A woman peers out from the MV Aquarius after it arrives at the Sicilian port of Messina in May (AFP)

Leaked documents have revealed that the EU is looking into building migrant processing centres outside Europe to dissuade people from making the dangerous trip across the Mediterranean.

The draft conclusions for an EU summit scheduled for next week say that European leaders support "the development of the concept of regional disembarkation platforms in close cooperation with UNHCR [the UN refugee agency] and [the International Organisation for Migration]".

“Such platforms should provide for rapid processing to distinguish between economic migrants and those in need of international protection, and reduce the incentive to embark on perilous journeys,” the document reportedly says.

The proposal, which may be revised before reaching leaders at the summit, does not specify what form the processing centres would take or where they would be located, but an EU official indicated they would be set up in countries outside the bloc.

Immigration looks set to dominate the summit next week, after Italy's new right-wing government refused to accept a boatload of migrants rescued from the Mediterranean and hardliners in German Chancellor Angela Merkel's coalition gave her an ultimatum to get tough on the issue.

The conclusions were drawn up by European Council President Donald Tusk in cooperation with Bulgaria, which holds the rotating EU presidency, and European Commission President Jean-Claude Juncker. They would need unanimous approval by all 28 member states.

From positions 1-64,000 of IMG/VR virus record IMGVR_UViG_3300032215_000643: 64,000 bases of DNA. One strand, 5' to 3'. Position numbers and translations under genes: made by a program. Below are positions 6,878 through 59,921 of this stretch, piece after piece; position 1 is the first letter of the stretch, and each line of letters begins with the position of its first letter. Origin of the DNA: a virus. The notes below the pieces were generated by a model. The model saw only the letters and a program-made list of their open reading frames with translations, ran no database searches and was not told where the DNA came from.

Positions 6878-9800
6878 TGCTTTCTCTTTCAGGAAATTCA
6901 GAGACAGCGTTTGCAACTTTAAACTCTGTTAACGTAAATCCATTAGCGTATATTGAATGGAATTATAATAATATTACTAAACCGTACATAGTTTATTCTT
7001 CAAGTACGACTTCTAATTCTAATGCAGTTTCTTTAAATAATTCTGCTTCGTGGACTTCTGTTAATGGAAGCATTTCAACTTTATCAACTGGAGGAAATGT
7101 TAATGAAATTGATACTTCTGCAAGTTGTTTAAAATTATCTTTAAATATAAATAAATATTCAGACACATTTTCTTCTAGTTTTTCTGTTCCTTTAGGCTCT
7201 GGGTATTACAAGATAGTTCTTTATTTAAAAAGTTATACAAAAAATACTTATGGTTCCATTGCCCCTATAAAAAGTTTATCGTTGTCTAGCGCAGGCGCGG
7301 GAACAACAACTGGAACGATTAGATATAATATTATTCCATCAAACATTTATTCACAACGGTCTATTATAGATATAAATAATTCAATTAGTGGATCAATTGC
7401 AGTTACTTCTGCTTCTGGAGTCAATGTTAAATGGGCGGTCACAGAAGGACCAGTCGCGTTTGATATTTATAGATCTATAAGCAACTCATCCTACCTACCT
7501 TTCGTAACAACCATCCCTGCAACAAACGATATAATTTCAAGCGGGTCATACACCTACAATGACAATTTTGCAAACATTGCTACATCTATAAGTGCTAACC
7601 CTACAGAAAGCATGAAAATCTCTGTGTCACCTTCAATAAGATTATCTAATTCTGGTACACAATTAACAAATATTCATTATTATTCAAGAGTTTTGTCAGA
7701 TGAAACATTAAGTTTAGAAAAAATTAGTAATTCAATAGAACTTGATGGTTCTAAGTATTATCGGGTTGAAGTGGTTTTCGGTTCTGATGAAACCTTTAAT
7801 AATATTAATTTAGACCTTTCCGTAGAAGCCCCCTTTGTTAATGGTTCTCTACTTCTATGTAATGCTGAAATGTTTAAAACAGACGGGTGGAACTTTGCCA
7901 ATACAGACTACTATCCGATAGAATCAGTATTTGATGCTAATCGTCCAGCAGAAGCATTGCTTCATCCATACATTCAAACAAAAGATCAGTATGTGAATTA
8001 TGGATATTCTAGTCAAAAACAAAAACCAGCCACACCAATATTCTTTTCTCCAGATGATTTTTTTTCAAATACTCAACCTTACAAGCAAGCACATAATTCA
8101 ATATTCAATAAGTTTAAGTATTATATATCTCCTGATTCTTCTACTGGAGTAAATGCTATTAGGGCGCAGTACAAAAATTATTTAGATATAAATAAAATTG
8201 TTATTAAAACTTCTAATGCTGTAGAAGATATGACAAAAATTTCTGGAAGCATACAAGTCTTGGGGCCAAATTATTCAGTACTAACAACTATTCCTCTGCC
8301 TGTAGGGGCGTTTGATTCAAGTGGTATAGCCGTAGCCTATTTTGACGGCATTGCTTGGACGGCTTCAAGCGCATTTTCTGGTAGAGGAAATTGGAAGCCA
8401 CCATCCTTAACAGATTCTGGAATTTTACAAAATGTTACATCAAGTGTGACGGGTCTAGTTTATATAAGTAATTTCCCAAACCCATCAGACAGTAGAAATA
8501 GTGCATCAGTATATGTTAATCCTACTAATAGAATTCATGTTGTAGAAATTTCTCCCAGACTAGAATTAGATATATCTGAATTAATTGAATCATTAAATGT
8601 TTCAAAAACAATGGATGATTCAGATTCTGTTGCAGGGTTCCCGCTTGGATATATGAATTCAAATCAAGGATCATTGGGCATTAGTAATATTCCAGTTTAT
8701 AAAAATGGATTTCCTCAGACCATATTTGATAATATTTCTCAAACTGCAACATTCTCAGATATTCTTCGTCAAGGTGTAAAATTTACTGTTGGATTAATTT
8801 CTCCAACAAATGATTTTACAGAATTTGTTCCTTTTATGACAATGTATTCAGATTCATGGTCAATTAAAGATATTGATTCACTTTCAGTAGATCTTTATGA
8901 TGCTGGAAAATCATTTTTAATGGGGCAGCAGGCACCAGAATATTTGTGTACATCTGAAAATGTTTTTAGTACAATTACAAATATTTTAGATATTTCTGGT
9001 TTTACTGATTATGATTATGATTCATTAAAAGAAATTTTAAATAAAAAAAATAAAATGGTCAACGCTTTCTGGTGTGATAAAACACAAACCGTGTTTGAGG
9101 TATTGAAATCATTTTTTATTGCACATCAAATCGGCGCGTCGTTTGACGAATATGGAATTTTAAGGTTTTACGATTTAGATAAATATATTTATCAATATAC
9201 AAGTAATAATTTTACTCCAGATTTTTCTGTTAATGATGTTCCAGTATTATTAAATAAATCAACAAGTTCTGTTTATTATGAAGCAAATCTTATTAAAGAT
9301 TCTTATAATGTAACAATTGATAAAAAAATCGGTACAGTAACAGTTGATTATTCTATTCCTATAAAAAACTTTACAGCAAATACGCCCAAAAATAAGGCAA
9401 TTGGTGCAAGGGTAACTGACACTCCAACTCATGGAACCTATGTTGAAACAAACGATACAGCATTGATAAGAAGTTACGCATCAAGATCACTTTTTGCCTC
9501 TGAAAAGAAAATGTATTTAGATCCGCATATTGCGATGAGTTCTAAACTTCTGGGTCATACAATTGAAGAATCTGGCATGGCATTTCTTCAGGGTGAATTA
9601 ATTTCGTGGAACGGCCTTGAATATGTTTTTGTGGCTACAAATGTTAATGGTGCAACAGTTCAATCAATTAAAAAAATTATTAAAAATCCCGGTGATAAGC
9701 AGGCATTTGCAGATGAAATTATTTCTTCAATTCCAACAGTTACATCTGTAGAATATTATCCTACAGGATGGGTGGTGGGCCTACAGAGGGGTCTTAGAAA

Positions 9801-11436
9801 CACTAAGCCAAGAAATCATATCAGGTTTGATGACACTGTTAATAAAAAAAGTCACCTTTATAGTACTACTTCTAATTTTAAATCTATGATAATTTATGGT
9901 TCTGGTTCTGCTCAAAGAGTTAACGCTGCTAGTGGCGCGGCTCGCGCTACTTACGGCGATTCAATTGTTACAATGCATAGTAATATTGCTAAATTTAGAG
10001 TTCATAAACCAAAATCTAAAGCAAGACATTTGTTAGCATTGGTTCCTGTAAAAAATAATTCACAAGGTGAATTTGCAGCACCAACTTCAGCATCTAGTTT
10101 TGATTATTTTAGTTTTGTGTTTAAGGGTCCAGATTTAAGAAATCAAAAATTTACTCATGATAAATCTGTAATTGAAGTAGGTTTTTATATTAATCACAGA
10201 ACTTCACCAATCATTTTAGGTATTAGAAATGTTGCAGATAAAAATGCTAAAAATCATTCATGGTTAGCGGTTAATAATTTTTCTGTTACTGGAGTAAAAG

EU states have been deadlocked for two years in efforts to reform asylum rules which currently require the countries where migrants first arrive in the bloc to process their asylum requests.

Italy, Greece and Spain are the main entry points to Europe for migrants fleeing war and poverty in sub-Saharan Africa and the Middle East, and Rome's hardline new government has taken a tough stance, saying it will not become "Europe's refugee camp".

EU cooperation deals with Turkey and Libya, the main transit countries, have helped to slow, at least for now, the flow of migrants to Europe since the peak of the crisis in 2015.

Leaders will also be asked next week to approve stepping up support for the Libyan coastguard, according to the conclusions.

Last week's row over the fate of more than 600 migrants on the MV Aquarius rescue boat has thrust the migrant issue back to the top of the EU agenda.

Italy refused to let the vessel dock at its ports, prompting French President Emmanuel Macron to accuse Rome of "cynicism and irresponsibility".

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